I just returned from a week on the beach, which is one of my favorite things to do. Self-care is a wonderful thing. Yet, if you are like me, you do it less than you know you should.
I don’t do self-care well at home. That might be because my office is at home, and it is too easy to walk into the office and play catch up for an hour (which quickly becomes three). My house always needs something, even if it is a solid vacuum. My laundry needs doing, the windows could always use a wash, and the kitchen requires me to cook even if I don’t feel like it.
My problem? I can’t staycation at all. Because, to me, self-care is not about putzing around the house instead of working in my office. I know that for many of you, that is exactly what self-care is. My father-in-law’s favorite thing to do was wash and wax the car, which I do not find relaxing. Many of you could garden all day, every day, and my friend Colleen defines self-care as a long 10k run.
I like to garden, a 5k run is a good use of my time, my ironing board is my best friend, and I can relax at home for a few hours. But none of those things are how I define self-care.
What does self-care look like to you? Knowing how you define it is essential to ensure you have it.
[ctt template=”3″ link=”i2f50″ via=”yes” ]What does self-care look like to you? Knowing how you define it is essential to ensure you have it.[/ctt]
Self-care allows you to have time for yourself and do the things that make you feel good. The best part about self-care is that it can be anything you want it to be! Don’t be held to anyone else’s definition of self-care.
If you’re stressed from a hard day at work, taking a bubble bath or calling a friend may help calm you. You may define self-care as exercise, cooking, sleeping, or snuggling up with your favorite Hallmark movie. It can be taking care of you physically (exercise, sleep, eating) and your mental and spiritual health.
Self-care is a vital part of life.
[ctt template=”3″ link=”1mekw” via=”yes” ]Self-care is a vital part of life.[/ctt]
To take care of others, you must take care of yourself first! And I know that for many of you, your name isn’t even on your to-do list, never mind putting it at the top of the list. And I know there are times when we cannot put ourselves first. When my children were infants, self-care wasn’t a word I had time to say, never mind think about. When my mom was dying, my needs took a big step back so I could be with her in her time of need. When I’m in Nana mode, the grandkids get all of me. Even at work, during my crazy busy times, my self-care takes a back seat to the deadlines at hand.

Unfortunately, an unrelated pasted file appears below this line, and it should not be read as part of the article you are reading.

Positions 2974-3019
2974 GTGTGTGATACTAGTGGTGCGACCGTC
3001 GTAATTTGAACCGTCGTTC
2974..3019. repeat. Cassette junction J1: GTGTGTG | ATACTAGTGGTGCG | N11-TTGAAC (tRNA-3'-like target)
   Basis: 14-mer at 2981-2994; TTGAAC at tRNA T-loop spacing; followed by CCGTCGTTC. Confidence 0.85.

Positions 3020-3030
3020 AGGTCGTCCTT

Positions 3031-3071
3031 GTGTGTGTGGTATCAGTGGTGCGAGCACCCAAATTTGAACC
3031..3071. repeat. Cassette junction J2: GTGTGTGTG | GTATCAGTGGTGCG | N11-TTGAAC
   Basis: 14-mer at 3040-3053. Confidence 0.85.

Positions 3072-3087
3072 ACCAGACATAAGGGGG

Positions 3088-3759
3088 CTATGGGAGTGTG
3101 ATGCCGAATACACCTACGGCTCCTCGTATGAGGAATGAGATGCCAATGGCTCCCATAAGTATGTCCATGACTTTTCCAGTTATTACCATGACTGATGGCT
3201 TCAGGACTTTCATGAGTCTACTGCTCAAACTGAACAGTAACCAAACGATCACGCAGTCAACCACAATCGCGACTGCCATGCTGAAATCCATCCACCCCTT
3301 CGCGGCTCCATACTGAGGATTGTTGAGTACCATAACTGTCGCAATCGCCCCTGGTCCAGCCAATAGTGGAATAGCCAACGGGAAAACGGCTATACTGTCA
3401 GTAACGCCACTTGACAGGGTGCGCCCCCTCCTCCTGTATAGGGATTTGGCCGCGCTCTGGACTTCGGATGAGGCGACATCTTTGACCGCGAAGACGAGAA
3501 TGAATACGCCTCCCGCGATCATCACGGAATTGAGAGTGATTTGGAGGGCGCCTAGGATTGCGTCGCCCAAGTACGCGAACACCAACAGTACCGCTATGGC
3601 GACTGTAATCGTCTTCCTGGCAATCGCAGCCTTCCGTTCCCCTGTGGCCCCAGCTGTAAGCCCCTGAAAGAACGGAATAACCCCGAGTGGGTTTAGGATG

While I wouldn’t change any of those things, I recognize that we can’t always get self-care when or how we need it. A good book and a beach aren’t an option 99.9 percent of the time.
Between those bigger times of self-care, we have to mentally give ourselves moments and identify them as self-care.
I read four fiction books on the beach last week. My definition of how good the vacation was is calculated by how many books I read. Four was fabulous (I packed five books, so almost perfect!).
While reading last week, I remembered how much I love reading easy fiction, so I promised myself that I wouldn’t wait until my next beach vacation to read again. I plan to incorporate a little self-care into my life moving forward. We’ve decided to go to bed a little earlier, and instead of watching the television until we are ready to sleep, we will read instead.
What can you do to incorporate a little self-care into your daily routine?
- Sit down and write down all the things that define self-care for you.
- Commit to finding time to do some element of those things regularly.
- Acknowledge when you are doing something that does qualify as self-care, so your brain knows you took care of yourself today.
It is currently 6:36 am. I didn’t sleep well last night, got up earlier than usual, and headed into the office to work almost two hours ago. I made a big pot of tea, scrolled through all my social media, got a few things ready for my day, and then started to write this article.
I could look at that and not see any self-care, but I’ve changed my perspective. I’ve already done two things that qualify as self-care. It may not be the morning I thought I would have, but I ensured that I took care of myself today, and it isn’t even 7:00 am.
- My morning tea is 100% self-care for me. I have a love affair with David’s Tea and splurge to buy only this brand of tea. This morning I dipped into my tea advent calendar early and gave myself a special treat. I spend a little extra money on my tea because I define it as self-care (it is something I truly love and enjoy).
- The quiet early mornings are self-care. I love the quiet, and right now, I only hear my fingers on the keyboard. While I cannot see the sun rising from my office, I can see the sky brightening up, making me smile. I like to get up at least an hour before Warren to ensure I have this time daily. Today was a bonus as I’ve already been up a few hours.
Self-care needs to happen, and we need to see it, acknowledge it, and plan for it. You don’t have to spend hours meditating or eating an organic diet, and you don’t have to take expensive vacations or go on retreats to care for yourself. Self-care is something you can incorporate into your daily life. So give yourself a break—and make sure that one form of self-care is making time for yourself each day!
A week on the beach has reset me to move forward with a smile. My daily focus on self-care might mean that I can keep myself healthy and happy at home and not require a beach and a book to feel relaxed again.
Are you practicing self-care today?